Virginia courts have examined this provision as well. In Stultz v. Virginia Dep’t of Motor Vehicles, No. 7:13CV00589, 2015 WL 4648001 (W.D. Va. Aug. 5, 2015), the court found that plaintiff failed to state a claim against his state DMV supervisors when they used agency computers to access his personal information on the agency database. Id. at *12.

Based on the foregoing, it would seem that because Elizur owned the computer Ball used to access his email with NPR, and because he saved his log-in information such that it would automatically open his email, Ren would not have the requisite intent to examine Ball’s records when he accessed the computer.  Even assuming a court were to so find, one might argue that by saving his log-in information to enable automatic log-in, Ball gave his implicit consent to anyone acting on behalf of Elizur to access his NPR email.  This would be similar to Walsh, where the university officials owned the computer on which the plaintiff in that case stored his personal information.  And like Yessin, Ball has failed to plead any allegations regarding the contents of the emails Ren viewed. Thus, the statute may be inapplicable to this claim.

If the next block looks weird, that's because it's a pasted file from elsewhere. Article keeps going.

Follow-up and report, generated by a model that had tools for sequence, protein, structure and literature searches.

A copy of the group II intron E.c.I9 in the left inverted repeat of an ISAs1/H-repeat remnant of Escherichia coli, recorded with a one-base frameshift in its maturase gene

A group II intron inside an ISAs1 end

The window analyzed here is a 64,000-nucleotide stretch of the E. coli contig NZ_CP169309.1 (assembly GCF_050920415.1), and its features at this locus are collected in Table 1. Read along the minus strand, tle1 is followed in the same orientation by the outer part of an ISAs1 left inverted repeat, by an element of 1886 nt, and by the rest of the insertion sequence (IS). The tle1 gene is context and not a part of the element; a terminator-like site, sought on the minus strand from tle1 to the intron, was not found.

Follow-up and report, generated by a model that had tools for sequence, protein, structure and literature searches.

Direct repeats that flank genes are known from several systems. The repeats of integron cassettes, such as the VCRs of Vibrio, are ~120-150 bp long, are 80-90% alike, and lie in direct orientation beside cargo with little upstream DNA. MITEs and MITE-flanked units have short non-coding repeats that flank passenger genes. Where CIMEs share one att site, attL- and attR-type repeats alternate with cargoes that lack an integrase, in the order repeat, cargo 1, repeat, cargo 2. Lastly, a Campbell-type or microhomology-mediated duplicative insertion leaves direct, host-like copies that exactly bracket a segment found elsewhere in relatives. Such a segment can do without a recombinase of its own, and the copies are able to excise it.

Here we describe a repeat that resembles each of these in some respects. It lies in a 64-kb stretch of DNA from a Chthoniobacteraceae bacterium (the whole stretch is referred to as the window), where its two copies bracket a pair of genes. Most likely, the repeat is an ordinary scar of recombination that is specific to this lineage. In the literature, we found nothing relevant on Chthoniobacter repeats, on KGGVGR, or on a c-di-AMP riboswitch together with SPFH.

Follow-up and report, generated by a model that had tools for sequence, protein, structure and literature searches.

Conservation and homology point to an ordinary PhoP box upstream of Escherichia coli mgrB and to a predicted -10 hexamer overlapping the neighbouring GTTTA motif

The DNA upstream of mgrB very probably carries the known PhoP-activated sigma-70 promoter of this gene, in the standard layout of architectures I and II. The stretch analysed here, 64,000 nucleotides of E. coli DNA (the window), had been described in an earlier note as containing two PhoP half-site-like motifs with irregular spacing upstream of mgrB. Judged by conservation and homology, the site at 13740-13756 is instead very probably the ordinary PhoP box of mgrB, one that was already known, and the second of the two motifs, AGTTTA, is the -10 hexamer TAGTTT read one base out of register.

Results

However, because of the statutory definition of “examination” in this section, it’s possible that a court may find that Ren violated the act once he realized he was inadvertently viewing Ball’s NPR email.  In that situation, the analysis may revolve around what information Ren saw regarding Ball’s theft and at what point in time he realized he was viewing Ball’s personal email with another employer.  If Ren had to dig through Ball’s email before finding evidence of the theft, it is possible a court may find that Ren both lacked authorization to access those emails, and developed the requisite intent in deciding to root through a personal email account, notwithstanding the fact that he initially accessed it inadvertently.